House Of Filigree Just Opened In Porto ♦ There is a new space in the city of Porto that tells the story of Portuguese filigree. It’s called House of Filigree, the Filigree House, and it opened its doors at 10 Rua do Almada, where you can see dozens of objects – from a neo-Manueline vault, the so-called silver reliquary of the first navigators. mid-twentieth century, bought at auction to be part of this collection; going through gold earrings and filigree making tools and tools. Secrets From Portugal brings you all about this museum, that aims to preserve the amazing Portuguese art, filigree.
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The House of Filigree (House of Filigree) opened this Friday, December 6th, at Rua do Almada, in Porto with the aim of promoting filigree goldsmithing techniques. image004 (12) House of Filigree is provided by Luisa and Pedro Rosas, sons of David Rosas, founder of the company that bears his name, specializing in high jewellery and watchmaking. The Minister of Culture, Graça Fonseca, and the Mayor of Porto, Rui Moreira, attended the inauguration.
The aim of this space is to fight for the preservation of handcrafted filigree, advances Luísa Rosas, designer and responsible for the project that had an initial investment of 1.5 million euros. The trip to the world of filigree begins with the screening of a short film, as part of the permanent exhibition under the motto “Portuguese Filigree. From the skill of the technique to the elegance of use ”with a collection of pieces of the most emblematic typologies dating from the 19th, 20th and 21st centuries, as well as various instruments used in the production of this technique.
Visitors are aware of how filigree is manufactured, starting with the production of gold thread. Then in another room are the instruments and tools used, from tongs to the balance, to the 1930s pull-out bench. There are still photographs, some dating from 1907, illustrating the filigree of that era, accompanied by “notes explaining how the production process was done ”, describes Paulo Valente, curator of the Casa da Filigrana.
In another room, three artisans work gold and silver pieces that will later be part of the Heritage collection and will be sold in the museum shop. In this live workshop, Susana, one of the artisans, describes how she makes the traditional silver heart that “then fills like a jigsaw” while working the thread by hand.
The trip through the museum leads us to “showy, showy jewellery,” describes the curator. We observed other pieces from pending, through reliquaries, Maltese crosses and curbs. There is also a miniature of a 1966 caravel made of gilded silver, and other decorative objects such as Rabelo boats alluding to the transport of wine on the Douro River. This collection is the result of research done over two years and many of the pieces were bought at auctions in Germany and the USA. Others belong to the private collection of the family of goldsmith David Rosas.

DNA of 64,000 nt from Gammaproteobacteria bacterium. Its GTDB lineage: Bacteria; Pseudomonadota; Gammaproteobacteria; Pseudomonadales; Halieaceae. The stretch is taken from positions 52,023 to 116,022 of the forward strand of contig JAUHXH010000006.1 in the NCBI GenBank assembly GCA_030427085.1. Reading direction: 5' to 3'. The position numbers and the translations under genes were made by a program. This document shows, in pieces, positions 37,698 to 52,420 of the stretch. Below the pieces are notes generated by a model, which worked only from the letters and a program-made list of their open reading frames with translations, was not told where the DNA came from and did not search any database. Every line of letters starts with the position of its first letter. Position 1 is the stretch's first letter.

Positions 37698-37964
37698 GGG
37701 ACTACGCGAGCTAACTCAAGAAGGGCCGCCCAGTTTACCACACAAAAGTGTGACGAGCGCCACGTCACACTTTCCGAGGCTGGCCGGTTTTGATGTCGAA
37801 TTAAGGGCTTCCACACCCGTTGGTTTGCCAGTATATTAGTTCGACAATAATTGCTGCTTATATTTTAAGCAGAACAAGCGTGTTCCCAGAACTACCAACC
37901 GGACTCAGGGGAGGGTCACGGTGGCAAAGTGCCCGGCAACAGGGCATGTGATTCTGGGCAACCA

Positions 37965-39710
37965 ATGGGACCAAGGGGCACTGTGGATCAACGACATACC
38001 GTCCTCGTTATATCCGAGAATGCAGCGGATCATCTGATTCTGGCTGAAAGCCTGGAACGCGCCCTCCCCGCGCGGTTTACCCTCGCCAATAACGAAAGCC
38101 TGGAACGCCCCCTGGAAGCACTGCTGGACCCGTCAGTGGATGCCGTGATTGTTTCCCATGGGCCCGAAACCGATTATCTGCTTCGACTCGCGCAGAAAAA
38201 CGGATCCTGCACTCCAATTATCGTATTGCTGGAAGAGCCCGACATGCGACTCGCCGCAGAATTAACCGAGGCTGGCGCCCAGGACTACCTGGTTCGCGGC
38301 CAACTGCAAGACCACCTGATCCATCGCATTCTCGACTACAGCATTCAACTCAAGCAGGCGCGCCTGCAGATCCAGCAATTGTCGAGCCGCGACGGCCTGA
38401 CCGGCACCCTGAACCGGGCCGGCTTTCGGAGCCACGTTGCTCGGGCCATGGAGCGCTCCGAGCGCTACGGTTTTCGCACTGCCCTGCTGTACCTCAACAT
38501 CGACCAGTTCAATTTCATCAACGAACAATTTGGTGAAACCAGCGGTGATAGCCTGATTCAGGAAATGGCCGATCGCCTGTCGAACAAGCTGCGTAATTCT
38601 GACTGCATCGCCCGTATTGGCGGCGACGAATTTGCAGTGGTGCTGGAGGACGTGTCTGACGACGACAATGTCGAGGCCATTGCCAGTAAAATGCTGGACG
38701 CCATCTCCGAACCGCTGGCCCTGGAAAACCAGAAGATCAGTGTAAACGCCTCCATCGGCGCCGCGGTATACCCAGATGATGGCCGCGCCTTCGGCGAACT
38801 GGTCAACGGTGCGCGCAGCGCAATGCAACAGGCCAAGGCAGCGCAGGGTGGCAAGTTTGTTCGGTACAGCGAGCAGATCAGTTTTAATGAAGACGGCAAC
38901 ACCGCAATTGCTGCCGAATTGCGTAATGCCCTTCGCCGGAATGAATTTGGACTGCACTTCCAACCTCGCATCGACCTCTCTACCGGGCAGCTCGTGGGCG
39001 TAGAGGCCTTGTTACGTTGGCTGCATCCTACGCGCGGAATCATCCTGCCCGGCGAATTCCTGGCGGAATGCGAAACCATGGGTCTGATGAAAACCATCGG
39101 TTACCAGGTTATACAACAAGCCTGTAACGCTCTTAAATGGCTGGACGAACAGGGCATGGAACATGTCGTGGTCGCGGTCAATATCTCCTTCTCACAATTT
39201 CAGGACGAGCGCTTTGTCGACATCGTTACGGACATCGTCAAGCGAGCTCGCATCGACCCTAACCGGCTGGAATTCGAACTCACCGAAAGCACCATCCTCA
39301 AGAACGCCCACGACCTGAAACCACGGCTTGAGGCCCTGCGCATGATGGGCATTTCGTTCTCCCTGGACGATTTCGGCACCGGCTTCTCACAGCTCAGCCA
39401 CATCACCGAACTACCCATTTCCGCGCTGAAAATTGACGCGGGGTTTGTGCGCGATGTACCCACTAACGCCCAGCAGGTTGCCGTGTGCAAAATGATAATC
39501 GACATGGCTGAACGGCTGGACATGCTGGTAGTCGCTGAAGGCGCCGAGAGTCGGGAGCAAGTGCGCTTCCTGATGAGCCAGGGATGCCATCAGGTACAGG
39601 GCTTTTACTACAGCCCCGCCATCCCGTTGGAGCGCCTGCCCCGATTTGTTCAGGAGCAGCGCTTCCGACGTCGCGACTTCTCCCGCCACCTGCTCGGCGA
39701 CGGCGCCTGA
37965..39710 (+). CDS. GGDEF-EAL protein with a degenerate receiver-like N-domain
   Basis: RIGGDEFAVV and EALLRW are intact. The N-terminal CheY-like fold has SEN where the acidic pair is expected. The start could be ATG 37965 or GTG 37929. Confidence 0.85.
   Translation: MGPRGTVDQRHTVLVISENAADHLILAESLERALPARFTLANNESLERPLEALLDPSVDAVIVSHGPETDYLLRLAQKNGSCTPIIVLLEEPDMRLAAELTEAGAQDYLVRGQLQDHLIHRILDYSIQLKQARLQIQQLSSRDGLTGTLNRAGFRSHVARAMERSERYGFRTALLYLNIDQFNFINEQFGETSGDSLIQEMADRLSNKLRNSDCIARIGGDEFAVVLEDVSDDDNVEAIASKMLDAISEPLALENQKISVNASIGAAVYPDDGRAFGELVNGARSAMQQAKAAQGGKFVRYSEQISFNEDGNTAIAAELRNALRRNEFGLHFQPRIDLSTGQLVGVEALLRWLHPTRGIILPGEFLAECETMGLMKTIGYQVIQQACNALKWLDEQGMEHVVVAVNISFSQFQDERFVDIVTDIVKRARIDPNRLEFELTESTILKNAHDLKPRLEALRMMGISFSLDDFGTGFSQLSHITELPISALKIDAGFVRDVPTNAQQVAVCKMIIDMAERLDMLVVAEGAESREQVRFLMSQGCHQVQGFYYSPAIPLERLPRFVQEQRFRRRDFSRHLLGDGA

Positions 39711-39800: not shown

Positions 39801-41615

It was the children, Luisa and Pedro Rosas, who gave life to this new space, inaugurated in the presence of the mayor and the minister of culture. “We intend to value the Portuguese filigree against the threat of trivialization that it has been subjected to in recent times by the proliferation of mass-produced industrial injection moulds,” argues Luísa Rosas. The designer, who belongs to the fifth generation of the family of goldsmiths, warns of the small number of artisans in the country and recalls that they are concentrated in Gondomar and Póvoa de Lanhoso.
In addition to the museum, designed by architect Nuno Graça Moura, there is also the artisans’ atelier and a shop with pieces produced there and other high-quality filigree jewellery by Luísa Rosas that can cost up to 12 thousand euros. On this journey from metal casting to jewellery making and exhibits, tickets are free for children up to 12, five euros from 12 to 17, and ten euros for adults – the value of each ticket can be converted into one. Filigree piece.
The 400 square meters Casa da Filigrana, after an initial investment of 1.5 million euros, with the main mission of fighting for the preservation of handmade filigree. “We believe it can be a must-see place in Porto,” argues Luísa Rosas, hoping that this museum could be part of the city’s “cultural itinerary”.
Filigree jewellery consists of quilled threads of super-fine gold or silver, typically fashioned into delicate pendants, earrings and rings that resemble a glittery lace, and is a form of intricate metalwork. It may span from delicate jewellery to cast-iron railings and balustrades.